Innovation-values fit refers to the degree to which a service is congruent with the values and goals of a system, an organization, its leadership, providers, and the consumer. Stigma and values are largely interconnected constructs and may influence the innovation-values fit of substance use services within a given organization or system. Stigma has been thought to be the manifestation of social devaluation or a means of social control to deter certain behaviors, such as substance use [45]. Across studies, settings, stakeholders, and implementation levels (i.e., inner vs. outer context), stigma was consistently described as challenge for implementation and typically reduced access to services. Stigma, particularly self-stigma, was referenced in numerous studies and cited as a source of resistance to seek care, which limits service utilization and compromises implementation of substance misuse interventions. Self-stigma (i.e., self-devaluation and fear resulting from identification with a stigmatized group), perceived stigma from providers and the community, and mistrust are common reasons that individuals resist seeking treatment for substance use problems [46, 47]. Several studies have reported on the impact of policies prohibiting substance use, particularly those with legal and livelihood consequences, which reinforced structural stigma and resulted in disincentives to disclose substance use to providers and other professionals in conflict-affected and displaced populations [1, 15, 46, 48]. Structural stigma, which was also considered a contributor to inter-organizational implementation challenges, may reinforce self-stigma and provider stigma. Stigma raises critical ethical concerns, which should impact the delivery of substance use services. For example, when implementing substance use assessment and interventions, particularly in situations where substance use is criminalized or have implications for the receipt of other services, the provider’s knowledge is not highly protected or there is a lack of privacy; additional protections should be introduced to ensure the safety of clients and improve utilization of substance use interventions.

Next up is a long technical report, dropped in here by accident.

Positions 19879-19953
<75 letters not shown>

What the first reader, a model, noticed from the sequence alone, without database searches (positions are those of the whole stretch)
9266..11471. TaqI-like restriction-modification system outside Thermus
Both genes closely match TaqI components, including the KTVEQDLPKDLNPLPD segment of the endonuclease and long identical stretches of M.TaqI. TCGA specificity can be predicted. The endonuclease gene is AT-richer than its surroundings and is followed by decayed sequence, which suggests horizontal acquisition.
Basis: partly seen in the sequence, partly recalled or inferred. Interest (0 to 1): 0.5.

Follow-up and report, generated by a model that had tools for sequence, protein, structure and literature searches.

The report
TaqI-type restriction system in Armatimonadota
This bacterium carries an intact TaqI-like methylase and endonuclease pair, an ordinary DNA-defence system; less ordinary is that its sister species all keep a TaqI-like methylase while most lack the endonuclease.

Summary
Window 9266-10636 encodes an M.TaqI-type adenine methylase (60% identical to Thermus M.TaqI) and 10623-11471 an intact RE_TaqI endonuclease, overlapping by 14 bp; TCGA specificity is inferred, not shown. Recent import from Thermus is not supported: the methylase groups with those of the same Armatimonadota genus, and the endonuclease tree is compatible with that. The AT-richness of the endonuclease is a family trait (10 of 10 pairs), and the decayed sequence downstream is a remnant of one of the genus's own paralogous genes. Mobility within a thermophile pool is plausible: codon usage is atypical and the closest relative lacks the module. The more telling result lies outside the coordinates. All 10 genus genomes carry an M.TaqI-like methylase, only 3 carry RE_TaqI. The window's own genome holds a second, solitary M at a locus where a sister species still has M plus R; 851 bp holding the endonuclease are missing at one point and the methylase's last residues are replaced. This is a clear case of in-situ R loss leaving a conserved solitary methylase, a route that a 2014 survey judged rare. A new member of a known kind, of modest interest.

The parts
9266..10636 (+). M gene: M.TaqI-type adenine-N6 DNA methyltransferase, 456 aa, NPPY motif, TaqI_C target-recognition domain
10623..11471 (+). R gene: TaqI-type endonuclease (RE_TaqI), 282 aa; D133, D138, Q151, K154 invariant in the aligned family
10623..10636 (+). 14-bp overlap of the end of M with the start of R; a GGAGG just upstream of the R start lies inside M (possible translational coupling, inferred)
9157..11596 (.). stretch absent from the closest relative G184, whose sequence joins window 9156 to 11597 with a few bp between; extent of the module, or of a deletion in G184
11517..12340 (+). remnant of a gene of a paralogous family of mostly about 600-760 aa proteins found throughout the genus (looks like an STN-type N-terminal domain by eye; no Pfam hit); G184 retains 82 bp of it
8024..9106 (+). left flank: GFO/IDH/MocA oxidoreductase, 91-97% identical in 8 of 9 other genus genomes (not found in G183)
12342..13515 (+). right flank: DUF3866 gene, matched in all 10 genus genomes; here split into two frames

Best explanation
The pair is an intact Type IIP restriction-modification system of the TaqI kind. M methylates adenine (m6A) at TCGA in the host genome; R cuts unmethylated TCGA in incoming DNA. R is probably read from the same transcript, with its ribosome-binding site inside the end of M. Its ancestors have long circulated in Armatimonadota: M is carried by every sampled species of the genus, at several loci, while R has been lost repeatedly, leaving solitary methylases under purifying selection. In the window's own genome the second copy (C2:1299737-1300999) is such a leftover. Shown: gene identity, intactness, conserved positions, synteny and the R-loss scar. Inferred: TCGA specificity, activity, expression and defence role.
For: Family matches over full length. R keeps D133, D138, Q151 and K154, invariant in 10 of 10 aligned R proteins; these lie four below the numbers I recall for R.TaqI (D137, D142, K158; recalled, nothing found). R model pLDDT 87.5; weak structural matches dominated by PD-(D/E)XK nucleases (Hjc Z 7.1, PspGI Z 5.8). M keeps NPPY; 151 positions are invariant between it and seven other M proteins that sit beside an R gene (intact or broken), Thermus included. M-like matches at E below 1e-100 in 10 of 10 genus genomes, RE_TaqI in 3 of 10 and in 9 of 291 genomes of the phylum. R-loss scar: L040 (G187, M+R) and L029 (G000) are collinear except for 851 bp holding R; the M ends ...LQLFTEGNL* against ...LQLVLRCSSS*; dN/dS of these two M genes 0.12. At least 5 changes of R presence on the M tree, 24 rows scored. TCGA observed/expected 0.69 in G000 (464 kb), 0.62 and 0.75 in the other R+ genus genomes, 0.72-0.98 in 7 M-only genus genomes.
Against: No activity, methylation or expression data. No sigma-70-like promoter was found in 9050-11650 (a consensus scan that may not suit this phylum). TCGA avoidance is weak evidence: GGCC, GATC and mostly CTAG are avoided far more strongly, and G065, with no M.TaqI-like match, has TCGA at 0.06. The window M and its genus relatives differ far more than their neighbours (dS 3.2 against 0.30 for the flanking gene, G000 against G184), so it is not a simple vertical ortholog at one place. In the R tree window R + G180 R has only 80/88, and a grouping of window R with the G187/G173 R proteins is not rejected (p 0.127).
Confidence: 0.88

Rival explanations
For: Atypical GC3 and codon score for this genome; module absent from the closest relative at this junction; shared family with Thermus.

Discussion

Availability and access to services for substance use disorders are limited for conflict-affected populations. This review identified multiple implementation challenges for such services existing within service delivery organizations as well as related to the external context, which includes the sociopolitical climate, inter-organizational environment, and limited advocacy for increasing service availability. Studies from high-income countries examining the delivery of substance use interventions have similarly identified resource limitations [49], provider knowledge and capacity [50], and inter-organizational coordination [30, 51] as barriers to implementation. The post-conflict context, however, presents unique challenges due to instability, disruptions to pre-existing systems, displacement and accelerated attrition of human resources, and rapid turnover in government and institutional leadership, among other factors. Furthermore, post-conflict settings are heterogeneous. In our review, the majority of studies enrolled refugees who were currently residing in refugee camps, lived among host communities, or had returned to their country of origin. The services afforded to these variable groups may differ based on their context and location, which introduces added variability into the outer context that may impact implementation.